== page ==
In the early 16th century, Martin Luther (1483—1546), an Augustinian friar and German theologian, spearheaded a religious reformation aimed at rectifying corrupt practices within the Church. This movement, known as the Protestant Reformation, played a pivotal role in eradicating the spiritual hierarchy outlined in the Great Chain of Being. Luther’s efforts sought to establish equality among individuals before the Divine law of God’s Providence, echoing the roots of spiritual equality found in Pythagoreanism. Although infused with Christian fervor, Luther’s proclamation of the triumph of spiritual equality during the Protestant Reformation—ending the exclusive spiritual privileges of the Church and thus claims of divine authority—has endured and continues to shape contemporary perspectives.
All Men are Created Equal
It is now the 17th century, and the principle of equality has undergone turbulent times since its days under Pythagoras and Cleisthenes. From the Greeks, equality is formulated as an axiomatic state in which all psyches, i.e., souls, are equal due to a geometric common notion. From figures like Jesus, Augustine, and Aquinas, equality is reinforced as a spiritual relationship with God and Divine law, but it is also made corporeal, allowing one to practice it through adherence to the golden rule. Now, a new element will be introduced to equality, helping to transition it from being purely a principle of the spiritual realm to the material domain of politics.
The English philosopher John Locke (1632—1704) completes what was started by the Magna Carta and the Protestant Reformation by applying these cultural movements to the domain of politics. In the first half of his book Two Treatises of Government, Locke takes Aquinas’ argument and positions all political matters as corresponding to natural law rather than Divine Providence. Contending with a theological argument supporting the divine right of the king based on hereditary lineage from Adam (as in Adam from the Garden of Eden), Locke argues:
That Adam had not either by natural right of fatherhood, or by positive donation from God, any such authority over his children, or dominion over the world as is pretended. … That if his heirs had, there being no law of nature nor positive law of God that determines, which is the right heir in all cases that may arise, the right of succession, and consequently of bearing rule, could not have been certainly determined.
Locke picks up where Aquinas left off to argue that kings do not have a divine right to rule. This clears the way for natural law to be the dominant lens legitimizing political authority and for reasoning on how certain natural phenomena within the state of nature led to the development of political systems. Accordingly, the king does not rule by divine right, but through an ancient voluntary agreement made between individuals and the rulers to form the first society. This is referred to as the social contract theory.
In addition to eliminating divine authority from the domain of politics, Locke introduced a new formulation often associated with equality today. In A Letter Concerning Tolerance, Locke brings back into focus the Christian attitude of ‘doing unto others as you would have them do unto you.’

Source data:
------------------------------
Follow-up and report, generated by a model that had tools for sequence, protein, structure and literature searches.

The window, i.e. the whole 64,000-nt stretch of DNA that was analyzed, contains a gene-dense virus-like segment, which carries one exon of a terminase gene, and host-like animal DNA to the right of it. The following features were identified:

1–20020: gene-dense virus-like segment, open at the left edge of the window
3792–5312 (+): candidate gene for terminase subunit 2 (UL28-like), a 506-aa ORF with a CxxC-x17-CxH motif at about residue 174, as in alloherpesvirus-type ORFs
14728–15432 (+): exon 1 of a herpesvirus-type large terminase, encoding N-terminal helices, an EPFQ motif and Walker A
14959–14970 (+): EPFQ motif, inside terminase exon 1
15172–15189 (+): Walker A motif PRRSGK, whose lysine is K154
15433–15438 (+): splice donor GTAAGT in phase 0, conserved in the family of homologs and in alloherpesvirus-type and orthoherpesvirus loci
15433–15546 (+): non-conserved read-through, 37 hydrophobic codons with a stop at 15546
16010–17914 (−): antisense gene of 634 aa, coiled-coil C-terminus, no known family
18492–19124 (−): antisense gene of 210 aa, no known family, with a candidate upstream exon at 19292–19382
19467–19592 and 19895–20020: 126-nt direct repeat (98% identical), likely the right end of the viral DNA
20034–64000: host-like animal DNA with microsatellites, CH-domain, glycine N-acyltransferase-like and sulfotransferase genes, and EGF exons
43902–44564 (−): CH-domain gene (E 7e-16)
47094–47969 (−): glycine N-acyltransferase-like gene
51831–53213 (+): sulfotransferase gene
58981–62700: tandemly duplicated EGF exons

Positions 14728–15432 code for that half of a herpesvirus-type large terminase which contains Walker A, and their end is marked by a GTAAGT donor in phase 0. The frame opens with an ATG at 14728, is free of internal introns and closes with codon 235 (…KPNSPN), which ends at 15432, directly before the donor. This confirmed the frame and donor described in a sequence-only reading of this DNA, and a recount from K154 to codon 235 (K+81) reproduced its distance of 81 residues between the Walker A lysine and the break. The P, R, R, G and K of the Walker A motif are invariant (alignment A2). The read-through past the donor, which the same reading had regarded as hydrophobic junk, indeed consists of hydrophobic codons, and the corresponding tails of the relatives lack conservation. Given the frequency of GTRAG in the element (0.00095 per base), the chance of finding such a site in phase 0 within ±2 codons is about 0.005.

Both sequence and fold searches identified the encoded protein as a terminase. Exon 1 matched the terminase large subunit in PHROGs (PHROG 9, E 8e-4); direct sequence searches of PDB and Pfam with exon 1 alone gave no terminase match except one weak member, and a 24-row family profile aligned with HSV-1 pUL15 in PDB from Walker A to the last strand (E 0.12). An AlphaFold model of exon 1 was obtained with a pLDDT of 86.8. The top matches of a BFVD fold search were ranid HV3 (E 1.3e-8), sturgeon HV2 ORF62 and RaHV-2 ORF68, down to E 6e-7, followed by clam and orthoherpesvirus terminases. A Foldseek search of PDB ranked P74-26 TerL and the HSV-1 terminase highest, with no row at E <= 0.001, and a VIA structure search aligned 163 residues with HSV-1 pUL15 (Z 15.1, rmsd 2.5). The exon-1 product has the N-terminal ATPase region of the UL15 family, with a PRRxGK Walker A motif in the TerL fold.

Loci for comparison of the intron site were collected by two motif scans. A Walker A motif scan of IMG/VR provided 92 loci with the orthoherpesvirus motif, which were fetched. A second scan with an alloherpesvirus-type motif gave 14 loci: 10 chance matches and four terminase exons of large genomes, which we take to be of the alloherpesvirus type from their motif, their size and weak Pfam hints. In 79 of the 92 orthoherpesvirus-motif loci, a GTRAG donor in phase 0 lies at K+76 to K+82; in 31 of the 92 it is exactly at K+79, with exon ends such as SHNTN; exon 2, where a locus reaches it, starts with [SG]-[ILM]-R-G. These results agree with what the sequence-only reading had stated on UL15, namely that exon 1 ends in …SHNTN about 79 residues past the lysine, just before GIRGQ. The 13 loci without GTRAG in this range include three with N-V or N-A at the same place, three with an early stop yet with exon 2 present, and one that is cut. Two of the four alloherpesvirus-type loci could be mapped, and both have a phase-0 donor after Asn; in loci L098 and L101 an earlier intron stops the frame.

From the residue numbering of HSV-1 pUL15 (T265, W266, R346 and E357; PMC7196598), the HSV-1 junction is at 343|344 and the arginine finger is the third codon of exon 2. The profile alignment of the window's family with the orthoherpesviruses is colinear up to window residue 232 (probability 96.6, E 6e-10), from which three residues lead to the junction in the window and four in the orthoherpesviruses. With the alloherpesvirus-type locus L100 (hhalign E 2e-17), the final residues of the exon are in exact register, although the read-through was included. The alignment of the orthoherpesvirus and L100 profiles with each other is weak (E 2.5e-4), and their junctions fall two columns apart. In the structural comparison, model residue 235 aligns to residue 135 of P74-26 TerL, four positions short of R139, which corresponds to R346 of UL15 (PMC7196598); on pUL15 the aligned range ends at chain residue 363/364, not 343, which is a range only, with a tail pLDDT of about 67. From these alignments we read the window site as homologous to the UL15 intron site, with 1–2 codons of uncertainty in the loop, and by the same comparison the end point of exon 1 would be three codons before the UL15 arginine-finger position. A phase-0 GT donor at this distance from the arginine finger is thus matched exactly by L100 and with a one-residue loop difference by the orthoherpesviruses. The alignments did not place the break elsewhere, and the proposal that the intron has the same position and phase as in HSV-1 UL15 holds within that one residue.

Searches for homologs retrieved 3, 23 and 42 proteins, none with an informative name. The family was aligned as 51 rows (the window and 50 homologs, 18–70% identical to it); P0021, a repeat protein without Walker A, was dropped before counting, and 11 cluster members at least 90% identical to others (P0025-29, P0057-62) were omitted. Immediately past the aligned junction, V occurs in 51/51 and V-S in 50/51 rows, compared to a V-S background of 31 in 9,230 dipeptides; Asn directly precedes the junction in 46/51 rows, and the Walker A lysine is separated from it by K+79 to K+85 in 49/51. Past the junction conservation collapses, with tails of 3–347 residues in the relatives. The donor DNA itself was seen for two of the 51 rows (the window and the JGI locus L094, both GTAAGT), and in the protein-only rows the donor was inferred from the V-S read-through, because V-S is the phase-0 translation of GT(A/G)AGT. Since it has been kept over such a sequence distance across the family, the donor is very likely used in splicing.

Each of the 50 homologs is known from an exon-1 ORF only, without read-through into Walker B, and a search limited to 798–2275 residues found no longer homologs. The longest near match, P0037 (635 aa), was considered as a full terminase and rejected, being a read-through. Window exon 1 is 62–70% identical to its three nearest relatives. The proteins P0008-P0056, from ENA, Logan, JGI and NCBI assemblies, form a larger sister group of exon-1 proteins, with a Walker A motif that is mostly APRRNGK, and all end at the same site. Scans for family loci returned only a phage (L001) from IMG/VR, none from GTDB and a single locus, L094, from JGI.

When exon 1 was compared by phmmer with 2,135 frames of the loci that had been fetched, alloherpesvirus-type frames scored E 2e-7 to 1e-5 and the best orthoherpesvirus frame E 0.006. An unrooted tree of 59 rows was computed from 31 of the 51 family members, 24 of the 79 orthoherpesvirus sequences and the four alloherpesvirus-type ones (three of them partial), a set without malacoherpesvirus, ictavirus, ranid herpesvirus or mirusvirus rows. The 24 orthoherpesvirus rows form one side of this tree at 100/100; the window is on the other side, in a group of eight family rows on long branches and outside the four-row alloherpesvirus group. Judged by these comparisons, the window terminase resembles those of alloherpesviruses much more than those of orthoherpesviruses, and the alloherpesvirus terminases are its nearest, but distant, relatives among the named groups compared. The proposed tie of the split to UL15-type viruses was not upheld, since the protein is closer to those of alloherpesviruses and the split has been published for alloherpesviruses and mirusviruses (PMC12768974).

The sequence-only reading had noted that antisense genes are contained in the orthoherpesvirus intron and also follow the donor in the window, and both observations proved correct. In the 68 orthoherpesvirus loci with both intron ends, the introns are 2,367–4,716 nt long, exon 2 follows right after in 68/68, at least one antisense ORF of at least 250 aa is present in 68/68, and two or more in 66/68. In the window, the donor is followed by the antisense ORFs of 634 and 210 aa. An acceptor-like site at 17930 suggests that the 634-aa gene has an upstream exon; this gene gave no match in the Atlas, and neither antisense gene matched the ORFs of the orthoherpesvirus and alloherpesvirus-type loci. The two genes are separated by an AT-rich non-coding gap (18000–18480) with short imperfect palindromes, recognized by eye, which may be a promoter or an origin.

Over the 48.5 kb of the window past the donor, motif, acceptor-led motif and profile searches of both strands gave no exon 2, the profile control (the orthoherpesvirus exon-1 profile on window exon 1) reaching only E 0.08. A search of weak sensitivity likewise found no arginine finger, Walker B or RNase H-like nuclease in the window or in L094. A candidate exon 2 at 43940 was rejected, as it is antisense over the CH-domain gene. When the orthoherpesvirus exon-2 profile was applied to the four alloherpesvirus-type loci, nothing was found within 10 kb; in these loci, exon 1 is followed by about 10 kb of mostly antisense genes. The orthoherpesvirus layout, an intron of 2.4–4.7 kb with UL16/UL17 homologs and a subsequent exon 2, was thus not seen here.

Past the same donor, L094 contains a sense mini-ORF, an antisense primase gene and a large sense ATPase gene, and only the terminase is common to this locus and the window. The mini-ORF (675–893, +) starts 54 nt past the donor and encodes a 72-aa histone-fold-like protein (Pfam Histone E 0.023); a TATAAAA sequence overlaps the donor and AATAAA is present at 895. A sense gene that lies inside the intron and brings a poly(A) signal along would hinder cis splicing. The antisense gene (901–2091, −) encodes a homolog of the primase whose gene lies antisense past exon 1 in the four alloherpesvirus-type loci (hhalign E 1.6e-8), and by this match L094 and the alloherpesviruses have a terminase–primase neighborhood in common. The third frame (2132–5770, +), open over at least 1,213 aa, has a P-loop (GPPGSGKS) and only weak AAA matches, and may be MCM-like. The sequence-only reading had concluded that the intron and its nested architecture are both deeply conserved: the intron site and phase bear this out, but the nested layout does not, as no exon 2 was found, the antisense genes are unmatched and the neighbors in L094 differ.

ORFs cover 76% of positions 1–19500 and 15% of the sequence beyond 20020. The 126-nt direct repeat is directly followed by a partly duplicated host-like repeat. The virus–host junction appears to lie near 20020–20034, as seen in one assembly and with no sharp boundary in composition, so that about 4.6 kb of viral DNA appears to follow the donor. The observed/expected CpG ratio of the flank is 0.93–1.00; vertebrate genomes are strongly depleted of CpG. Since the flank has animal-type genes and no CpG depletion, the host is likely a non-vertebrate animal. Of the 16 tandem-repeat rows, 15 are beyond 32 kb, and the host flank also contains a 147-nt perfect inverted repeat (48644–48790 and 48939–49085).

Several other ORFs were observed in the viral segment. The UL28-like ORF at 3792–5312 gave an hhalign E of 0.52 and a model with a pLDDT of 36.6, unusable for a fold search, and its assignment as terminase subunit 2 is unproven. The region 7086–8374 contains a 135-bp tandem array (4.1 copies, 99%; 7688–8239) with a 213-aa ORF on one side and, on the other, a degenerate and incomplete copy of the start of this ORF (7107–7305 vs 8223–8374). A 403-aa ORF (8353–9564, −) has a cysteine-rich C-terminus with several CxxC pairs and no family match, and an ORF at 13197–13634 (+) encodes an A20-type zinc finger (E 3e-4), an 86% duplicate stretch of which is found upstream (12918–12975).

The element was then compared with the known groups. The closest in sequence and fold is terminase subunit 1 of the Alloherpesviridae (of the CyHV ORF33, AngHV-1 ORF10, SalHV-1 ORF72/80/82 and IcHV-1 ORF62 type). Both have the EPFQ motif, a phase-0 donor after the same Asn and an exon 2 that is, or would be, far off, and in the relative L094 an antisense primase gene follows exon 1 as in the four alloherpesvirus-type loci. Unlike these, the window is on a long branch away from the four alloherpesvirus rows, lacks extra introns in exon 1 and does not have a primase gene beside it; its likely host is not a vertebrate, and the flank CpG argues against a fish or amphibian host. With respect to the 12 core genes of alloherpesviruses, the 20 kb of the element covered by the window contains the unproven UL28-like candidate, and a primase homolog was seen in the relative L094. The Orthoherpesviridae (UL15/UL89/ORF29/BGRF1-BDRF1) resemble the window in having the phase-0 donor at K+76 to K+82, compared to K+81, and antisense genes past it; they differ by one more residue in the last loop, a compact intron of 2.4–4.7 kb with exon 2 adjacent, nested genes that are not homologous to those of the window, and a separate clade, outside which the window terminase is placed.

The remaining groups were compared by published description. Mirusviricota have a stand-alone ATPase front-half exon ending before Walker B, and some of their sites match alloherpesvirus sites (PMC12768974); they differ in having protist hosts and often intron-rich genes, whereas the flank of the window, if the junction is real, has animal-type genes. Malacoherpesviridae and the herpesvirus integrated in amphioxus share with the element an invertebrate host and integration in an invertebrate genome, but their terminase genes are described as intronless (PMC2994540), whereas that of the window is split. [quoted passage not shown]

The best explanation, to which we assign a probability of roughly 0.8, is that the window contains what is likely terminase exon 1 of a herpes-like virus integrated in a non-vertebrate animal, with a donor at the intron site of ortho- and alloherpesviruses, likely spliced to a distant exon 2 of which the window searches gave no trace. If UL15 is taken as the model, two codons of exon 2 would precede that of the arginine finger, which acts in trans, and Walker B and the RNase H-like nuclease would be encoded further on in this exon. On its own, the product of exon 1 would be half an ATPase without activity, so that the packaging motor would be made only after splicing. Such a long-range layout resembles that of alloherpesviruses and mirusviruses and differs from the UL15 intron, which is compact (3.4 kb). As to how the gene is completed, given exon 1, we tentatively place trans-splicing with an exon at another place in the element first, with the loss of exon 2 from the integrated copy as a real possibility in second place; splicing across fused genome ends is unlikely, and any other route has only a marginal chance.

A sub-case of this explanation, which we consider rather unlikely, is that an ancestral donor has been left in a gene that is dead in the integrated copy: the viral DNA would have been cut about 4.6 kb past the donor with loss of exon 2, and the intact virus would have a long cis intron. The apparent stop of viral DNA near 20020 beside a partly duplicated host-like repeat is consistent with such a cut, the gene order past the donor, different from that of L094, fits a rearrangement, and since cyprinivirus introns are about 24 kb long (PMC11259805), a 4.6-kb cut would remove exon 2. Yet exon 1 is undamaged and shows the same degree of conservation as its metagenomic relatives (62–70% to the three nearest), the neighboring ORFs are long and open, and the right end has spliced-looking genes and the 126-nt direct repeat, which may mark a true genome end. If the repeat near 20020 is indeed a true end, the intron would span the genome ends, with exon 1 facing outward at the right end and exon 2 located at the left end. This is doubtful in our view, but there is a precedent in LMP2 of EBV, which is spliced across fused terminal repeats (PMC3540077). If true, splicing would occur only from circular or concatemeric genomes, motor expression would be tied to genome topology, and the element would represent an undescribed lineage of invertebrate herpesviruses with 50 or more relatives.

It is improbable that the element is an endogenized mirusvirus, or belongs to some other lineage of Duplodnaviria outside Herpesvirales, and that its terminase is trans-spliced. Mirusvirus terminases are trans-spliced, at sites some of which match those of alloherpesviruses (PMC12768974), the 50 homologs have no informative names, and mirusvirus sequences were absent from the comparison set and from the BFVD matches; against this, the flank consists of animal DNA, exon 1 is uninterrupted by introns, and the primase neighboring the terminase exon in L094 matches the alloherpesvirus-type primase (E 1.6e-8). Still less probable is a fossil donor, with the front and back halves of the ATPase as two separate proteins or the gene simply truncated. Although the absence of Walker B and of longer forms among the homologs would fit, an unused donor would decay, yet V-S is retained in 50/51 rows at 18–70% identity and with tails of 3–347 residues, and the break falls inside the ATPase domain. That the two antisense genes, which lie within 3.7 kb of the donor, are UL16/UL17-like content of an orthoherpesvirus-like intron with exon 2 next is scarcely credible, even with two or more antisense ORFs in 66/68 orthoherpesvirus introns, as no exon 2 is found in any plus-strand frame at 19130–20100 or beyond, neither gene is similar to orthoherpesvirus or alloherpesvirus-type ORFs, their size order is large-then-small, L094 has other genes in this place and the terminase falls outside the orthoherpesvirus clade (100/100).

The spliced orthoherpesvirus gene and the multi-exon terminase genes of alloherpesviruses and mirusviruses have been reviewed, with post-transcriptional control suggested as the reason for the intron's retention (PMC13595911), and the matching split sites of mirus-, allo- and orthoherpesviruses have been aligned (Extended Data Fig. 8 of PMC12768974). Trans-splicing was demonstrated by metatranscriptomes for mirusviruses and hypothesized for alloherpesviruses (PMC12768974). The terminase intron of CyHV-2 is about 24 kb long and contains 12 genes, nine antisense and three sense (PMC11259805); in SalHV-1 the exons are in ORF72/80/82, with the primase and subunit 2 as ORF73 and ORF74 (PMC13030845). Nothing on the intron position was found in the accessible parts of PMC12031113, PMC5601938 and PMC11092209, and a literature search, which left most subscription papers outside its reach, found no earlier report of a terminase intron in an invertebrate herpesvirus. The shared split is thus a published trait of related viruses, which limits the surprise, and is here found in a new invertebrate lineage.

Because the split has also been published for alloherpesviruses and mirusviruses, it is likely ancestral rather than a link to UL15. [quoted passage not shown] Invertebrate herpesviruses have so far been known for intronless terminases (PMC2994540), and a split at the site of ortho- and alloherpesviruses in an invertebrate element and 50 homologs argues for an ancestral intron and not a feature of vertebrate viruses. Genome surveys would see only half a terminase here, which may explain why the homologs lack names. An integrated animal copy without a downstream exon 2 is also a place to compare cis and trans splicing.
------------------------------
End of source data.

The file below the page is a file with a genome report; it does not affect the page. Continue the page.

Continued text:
That I esteem that Toleration to be the chief Characteristical Mark of the True Church. … Let any one have never so true a Claim to all things, yet if he be destitute of Charity, Meekness, and Good-will in general towards all Mankind, even to those that are not Christians… The Toleration of those that differ from others in Matters of Religion, is so agreeable to the Gospel of Jesus Christ, and to the genuine Reason of Mankind, that it seems monstrous for Men to be so blind, as not to perceive the Necessity and Advantage of it, in so clear a Light. … If an man err from the right way, it is his own misfortune, no injury to thee… The Sum of all we drive at is, That every Man may enjoy the same Rights that are granted to others.
Here, Locke bridges tolerance to equality, asserting that all should be granted the same rights. This marks his role in transitioning equality from a spiritual quality to a concrete political measure.
Locke’s political philosophy had a profound influence on the American colonists and ultimately became the basis for the American Revolution when King George failed to recognize their rights as equal members within the British Empire. In the Declaration of Independence, Thomas Jefferson (1743—1826) writes,
When in the Course of human events, it becomes necessary for one people to dissolve the political bands which have connected them with another, and to assume among the powers of the earth, the separate and equal station to which the Laws of Nature and of Nature’s God entitle them, a decent respect to the opinions of mankind requires that they should declare the causes which impel them to the separation. … We hold these truths to be self-evident, that all men are created equal, that they are endowed by their Creator with certain unalienable Rights, that among these are Life, Liberty and the pursuit of Happiness.—That to secure these rights, Governments are instituted among Men, deriving their just powers from the consent of the governed,—That whenever any Form of Government becomes destructive of these ends, it is the Right of the People to alter or to abolish it, and to institute new Government, laying its foundation on such principles and organizing its powers in such form, as to them shall seem most likely to effect their Safety and Happiness.